Well the movie Brahma doesn’t need any introduction to tamil movie lovers. Specifically Goundamani fans. The movie is a riot with Goundamani as Valayapalayam Chinnasami creating rousu in almost every scene he is in. Who can forget the “Mother Superior…Suppariya paaku poduvangala..?” scene which ends with Sathyaraj unable to control laughter even in the final cut that got released in theatres. While that’s the first thing that everyone gets reminded about Brahma, the movie had one beautiful composition as well. The song “Engirundho Ilankuruvi…”. There are two versions of this song – a female version sung by Janaki and is the introductory song for Kushboo in the movie and a male version sung by S.P.B. This post is about the latter.
This is one of the few songs of Ilayaraja which has a beautiful prelude.
The prelude is just a simple arrangement of a Piano at the foreground and bunch of violins in the background. The piano starts the prelude and quickly a bunch of violins follow around 6 seconds. Around 10 seconds, the Cello joins them and the emphasis starts on the Cello. If you relate this to the scene, the time when the Cello plays is when the heroine gets shocked on the tune that is being played and clearly the Cello is used to emphasize that. The prelude alternates between the Piano and the Violins to alternatively depict the tune played by the hero (and what Kushboo had heard when she was a child) and the shocking moment of recollection of her memories.
Here are both the interludes:
Both the interludes use one of the highly underrated aspects of Ilayaraja’s music – chorus. He uses chorus in songs and also in BGMs (remember the scene in Nayagan when Kamal loses his wife from the balcony and the scene where he sees his son’s body from the same balcony?). These interludes also use chorus extensively to convey the intensity of the flashback scenes. The first interlude starts with the chorus playing a longish “Aaaaah…” with very simple use of trumpets. And it is this chorus which occupies most of the first interlude.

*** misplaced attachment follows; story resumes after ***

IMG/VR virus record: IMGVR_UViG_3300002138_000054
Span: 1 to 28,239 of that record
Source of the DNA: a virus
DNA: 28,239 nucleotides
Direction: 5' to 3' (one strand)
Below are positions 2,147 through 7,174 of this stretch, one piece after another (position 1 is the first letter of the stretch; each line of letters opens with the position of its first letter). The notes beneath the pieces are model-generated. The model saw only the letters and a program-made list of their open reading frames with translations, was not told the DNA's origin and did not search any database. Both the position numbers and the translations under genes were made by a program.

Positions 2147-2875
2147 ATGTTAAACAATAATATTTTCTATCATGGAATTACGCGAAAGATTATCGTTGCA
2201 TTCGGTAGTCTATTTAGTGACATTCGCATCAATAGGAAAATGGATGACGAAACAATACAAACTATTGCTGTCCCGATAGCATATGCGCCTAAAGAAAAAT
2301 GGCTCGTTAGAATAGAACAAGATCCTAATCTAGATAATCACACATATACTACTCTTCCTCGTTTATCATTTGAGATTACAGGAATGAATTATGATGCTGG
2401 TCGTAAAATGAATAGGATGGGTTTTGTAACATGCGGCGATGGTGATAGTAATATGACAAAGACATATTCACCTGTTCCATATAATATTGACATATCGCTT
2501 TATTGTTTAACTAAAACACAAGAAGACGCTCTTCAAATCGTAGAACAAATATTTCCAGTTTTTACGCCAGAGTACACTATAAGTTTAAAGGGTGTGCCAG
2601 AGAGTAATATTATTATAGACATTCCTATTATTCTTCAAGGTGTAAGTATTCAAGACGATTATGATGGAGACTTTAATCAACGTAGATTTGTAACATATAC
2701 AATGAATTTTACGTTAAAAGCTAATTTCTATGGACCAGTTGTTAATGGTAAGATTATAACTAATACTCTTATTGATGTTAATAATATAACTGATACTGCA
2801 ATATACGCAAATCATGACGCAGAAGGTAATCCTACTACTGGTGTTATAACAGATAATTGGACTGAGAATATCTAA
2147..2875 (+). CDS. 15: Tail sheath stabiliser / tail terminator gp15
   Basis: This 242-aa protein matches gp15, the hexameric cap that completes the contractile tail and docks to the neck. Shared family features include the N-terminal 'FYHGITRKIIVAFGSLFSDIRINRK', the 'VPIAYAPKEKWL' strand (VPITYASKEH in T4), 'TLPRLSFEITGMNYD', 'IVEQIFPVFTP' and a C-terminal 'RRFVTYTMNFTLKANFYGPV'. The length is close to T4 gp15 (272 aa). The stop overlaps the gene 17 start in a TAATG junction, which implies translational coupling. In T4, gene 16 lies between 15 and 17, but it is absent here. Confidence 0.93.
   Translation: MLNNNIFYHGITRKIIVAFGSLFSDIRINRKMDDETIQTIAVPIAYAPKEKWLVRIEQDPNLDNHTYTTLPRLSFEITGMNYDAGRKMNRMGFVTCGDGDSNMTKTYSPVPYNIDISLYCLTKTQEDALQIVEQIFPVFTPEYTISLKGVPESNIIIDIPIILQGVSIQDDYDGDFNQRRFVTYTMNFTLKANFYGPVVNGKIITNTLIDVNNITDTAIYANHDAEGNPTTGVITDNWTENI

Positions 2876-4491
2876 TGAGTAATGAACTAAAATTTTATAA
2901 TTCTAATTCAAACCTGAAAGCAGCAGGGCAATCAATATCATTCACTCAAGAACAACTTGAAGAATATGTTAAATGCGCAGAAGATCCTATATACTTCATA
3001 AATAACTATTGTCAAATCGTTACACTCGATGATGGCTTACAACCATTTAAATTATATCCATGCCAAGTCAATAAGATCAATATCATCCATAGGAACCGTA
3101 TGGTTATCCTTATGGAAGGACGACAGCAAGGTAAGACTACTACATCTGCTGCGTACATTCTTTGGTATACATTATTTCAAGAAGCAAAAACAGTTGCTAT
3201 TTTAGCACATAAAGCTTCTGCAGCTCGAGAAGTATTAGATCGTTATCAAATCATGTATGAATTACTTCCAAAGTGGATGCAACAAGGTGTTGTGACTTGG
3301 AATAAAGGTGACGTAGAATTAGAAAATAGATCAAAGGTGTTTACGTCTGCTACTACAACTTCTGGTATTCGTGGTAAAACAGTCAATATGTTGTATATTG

The first one to me is just another Ilayaraja affair. But it is the second one which I am big fan of. The first 10 seconds are just a standard guitar/drums/trumphet combinations that is widely used by many composers and isn’t such a big deal. But just give a close listen around 13 seconds when the trumphets finish off. You will hear a bunch of voilins at the background adding to the emphasis and around 19 seconds is when the magic starts unfolding. A chorus of “Ha ha haa haa ha ha…” sung at a base tone adequately supported by the Cellos starts. This is pure magic created by simple use of Chorus that creates a profounding impact on the listener. The chorus instantly communicates an intense situation in the song which is later shot as a scene where the child is in danger of getting killed by the villains.
Obviously, we may not appreciate this when we listen to this separately. The impact of the effect is realized when you see it along with the picturization. Most people appreciate Ilayaraja for BGMs. While composing BGMs the composer would have seen the footage, would have understood the entire scene and then composes the BGM (I am nowhere under estimating Ilayaraja here btw). Where it blows my mind is this: these are interludes, which are present in songs that are composed before the scenes are shot. The composer has the opportunity to listen to what the director describes as a scene and has to come up with something as powerful as these. I think this is where Ilayaraja the genius really shines – the ability to grasp what the director imagines as a scene and comes up with a song that becomes a classic of its own. And those times were his peak where he would have recorded an entire movie’s songs in couple of days.
Go ahead and see the song again in YouTube (linked below) to get the impact. Did search quite a bit for a good resolution video with a good audio but this is what I could manage to find: